The SkidMan is our accident investigation instrument – a versatile instrument designed for brake and skid testing, road traffic accident investigation and reconstruction as well as vehicle safety inspections.
Portable and versatile, the SkidMan weighs just 2.75 kg and measures just 22 x 14 x 8 cm. Its metal case makes it tough and durable, and for added protection it comes in a leather carrying holster.
Developed in conjunction with South Yorkshire Police, it is widely used by police forces across the UK and further afield for road traffic accident investigation and reconstructions.
- Cost-effective tool for accident investigation and reconstruction
- Widely used by UK police forces
- Single-handed operation reduces test and investigation costs
- Links directly to SkidCalc Accident Investigation calculator
How it works
The SkidMan can be operated by a single investigator, making it a cost-effective approach to accident investigation. It has a user-friendly seven-button keypad for programming the device, and the user is guided by prompts displayed on the screen. The SkidMan is simply positioned on the passenger seat or in the footwell of the vehicle. It can be used with or without a touch-sensitive pad fitted over the brake pedal, and measuring will begin automatically.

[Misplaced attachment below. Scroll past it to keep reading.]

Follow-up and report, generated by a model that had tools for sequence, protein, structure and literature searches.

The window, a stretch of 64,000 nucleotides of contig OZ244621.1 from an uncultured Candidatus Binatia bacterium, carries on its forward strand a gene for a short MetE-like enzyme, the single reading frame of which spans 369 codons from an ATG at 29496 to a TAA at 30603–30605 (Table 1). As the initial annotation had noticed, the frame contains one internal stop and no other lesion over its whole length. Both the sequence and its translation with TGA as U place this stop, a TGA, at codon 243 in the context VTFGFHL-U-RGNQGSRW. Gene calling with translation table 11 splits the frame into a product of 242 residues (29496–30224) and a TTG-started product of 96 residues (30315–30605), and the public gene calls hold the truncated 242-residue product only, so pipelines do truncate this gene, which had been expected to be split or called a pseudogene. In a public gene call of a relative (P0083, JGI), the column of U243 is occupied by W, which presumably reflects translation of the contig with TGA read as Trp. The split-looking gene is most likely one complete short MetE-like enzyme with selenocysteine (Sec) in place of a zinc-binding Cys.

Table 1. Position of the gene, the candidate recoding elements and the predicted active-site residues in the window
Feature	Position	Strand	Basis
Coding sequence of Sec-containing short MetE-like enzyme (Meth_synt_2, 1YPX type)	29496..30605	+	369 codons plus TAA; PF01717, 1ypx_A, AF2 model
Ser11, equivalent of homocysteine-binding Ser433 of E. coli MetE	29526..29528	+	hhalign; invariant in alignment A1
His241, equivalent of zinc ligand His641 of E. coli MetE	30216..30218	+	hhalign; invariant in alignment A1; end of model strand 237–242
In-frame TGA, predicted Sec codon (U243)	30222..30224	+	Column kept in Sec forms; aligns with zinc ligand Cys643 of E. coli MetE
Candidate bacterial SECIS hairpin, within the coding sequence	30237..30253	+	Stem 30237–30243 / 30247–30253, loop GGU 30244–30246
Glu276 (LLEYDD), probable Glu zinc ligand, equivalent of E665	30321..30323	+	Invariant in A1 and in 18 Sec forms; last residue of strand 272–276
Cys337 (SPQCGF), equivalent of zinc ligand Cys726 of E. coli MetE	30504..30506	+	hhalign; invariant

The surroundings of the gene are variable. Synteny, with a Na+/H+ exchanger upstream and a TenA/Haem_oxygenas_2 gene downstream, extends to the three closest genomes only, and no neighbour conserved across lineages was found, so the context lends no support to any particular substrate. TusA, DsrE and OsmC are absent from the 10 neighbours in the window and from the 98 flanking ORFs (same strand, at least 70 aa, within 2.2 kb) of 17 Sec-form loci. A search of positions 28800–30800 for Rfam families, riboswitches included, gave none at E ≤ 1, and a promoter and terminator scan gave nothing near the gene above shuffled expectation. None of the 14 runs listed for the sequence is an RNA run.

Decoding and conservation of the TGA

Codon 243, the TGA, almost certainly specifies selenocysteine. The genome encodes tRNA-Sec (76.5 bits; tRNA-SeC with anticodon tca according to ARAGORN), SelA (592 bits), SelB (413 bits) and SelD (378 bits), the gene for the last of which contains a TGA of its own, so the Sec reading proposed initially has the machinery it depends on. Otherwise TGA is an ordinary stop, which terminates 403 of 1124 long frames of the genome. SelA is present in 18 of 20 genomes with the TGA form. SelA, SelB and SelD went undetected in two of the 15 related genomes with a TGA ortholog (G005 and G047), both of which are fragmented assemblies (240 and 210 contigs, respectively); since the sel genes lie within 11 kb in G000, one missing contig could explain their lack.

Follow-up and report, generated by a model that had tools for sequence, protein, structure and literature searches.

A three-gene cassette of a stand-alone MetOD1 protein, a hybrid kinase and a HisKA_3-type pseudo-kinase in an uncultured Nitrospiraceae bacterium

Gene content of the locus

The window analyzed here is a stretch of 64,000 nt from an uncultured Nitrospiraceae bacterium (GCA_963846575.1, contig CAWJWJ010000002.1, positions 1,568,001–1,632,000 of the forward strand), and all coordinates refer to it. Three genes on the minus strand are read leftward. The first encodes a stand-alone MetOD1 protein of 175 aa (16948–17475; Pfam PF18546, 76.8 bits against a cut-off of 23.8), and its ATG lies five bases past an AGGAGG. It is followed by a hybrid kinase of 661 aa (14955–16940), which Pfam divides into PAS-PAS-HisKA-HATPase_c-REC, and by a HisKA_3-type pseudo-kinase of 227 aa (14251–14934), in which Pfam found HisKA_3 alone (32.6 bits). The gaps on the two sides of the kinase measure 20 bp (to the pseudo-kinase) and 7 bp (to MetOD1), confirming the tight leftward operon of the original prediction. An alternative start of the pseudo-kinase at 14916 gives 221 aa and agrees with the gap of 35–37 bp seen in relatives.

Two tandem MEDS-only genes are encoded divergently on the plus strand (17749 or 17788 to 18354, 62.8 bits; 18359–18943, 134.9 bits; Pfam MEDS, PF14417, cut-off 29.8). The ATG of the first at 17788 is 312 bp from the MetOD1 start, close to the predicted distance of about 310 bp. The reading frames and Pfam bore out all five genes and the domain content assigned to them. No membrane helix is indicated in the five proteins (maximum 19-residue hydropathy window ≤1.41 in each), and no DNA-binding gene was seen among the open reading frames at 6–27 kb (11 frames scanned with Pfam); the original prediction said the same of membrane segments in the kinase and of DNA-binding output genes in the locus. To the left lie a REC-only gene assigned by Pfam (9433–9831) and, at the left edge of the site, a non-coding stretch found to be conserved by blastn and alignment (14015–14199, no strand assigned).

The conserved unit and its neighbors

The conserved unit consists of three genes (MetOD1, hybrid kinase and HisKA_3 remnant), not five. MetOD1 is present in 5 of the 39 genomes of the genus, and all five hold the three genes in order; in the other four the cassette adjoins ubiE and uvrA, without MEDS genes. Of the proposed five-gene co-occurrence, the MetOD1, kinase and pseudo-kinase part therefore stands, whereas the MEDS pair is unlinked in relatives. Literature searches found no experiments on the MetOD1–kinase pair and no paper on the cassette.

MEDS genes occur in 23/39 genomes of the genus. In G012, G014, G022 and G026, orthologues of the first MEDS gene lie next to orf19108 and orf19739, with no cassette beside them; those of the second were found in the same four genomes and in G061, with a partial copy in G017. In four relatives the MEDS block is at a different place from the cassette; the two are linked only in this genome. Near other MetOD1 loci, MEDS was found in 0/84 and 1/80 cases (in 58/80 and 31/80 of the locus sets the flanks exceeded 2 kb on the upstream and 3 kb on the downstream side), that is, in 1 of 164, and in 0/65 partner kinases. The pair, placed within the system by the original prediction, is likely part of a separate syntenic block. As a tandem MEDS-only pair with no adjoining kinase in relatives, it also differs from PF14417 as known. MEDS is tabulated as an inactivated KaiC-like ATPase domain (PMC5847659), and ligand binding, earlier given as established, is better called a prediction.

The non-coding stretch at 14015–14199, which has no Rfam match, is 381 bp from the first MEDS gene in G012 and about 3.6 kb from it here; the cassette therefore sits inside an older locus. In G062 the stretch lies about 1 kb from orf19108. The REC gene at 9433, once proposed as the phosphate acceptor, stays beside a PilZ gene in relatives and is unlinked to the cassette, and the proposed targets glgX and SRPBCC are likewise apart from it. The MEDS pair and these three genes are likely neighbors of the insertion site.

If the pedal pad is fitted, the SkidMan can be used to measure the reaction time of the braking system.
Complete with built-in printer, any results and graphs can be printed instantly – ideal if this is required at the scene of an accident investigation.
Data can be stored on the SkidMan (there is capacity for up to 50 tests to be stored) or can be or transferred using the SkidMan’s PC Link cable to a computer for keeping records and further analysis.
We have also developed the SkidCalc program, which supports further analysis and reporting of results from the SkidMan.
Calculations are all based on the conventional Newton’s laws of motion formulae used in accident investigation and reconstruction techniques.
Examples of calculations which can be carried out include:
- Speeds when skidding to a stop (all or partial wheel locking)
- Speeds when skidding and impacting at speed
- Critical speed calculations
- Pedestrian speeds, times and distances
- Sight line calculations in relation to times, speeds and distances
- Momentum exchanges
- Vector calculations
- Projectile and throw calculations
All calculations use SI metric units. However, to assist in court presentations, calculated speeds are listed in metres per second and miles per hour or, if required, in kilometres per hour.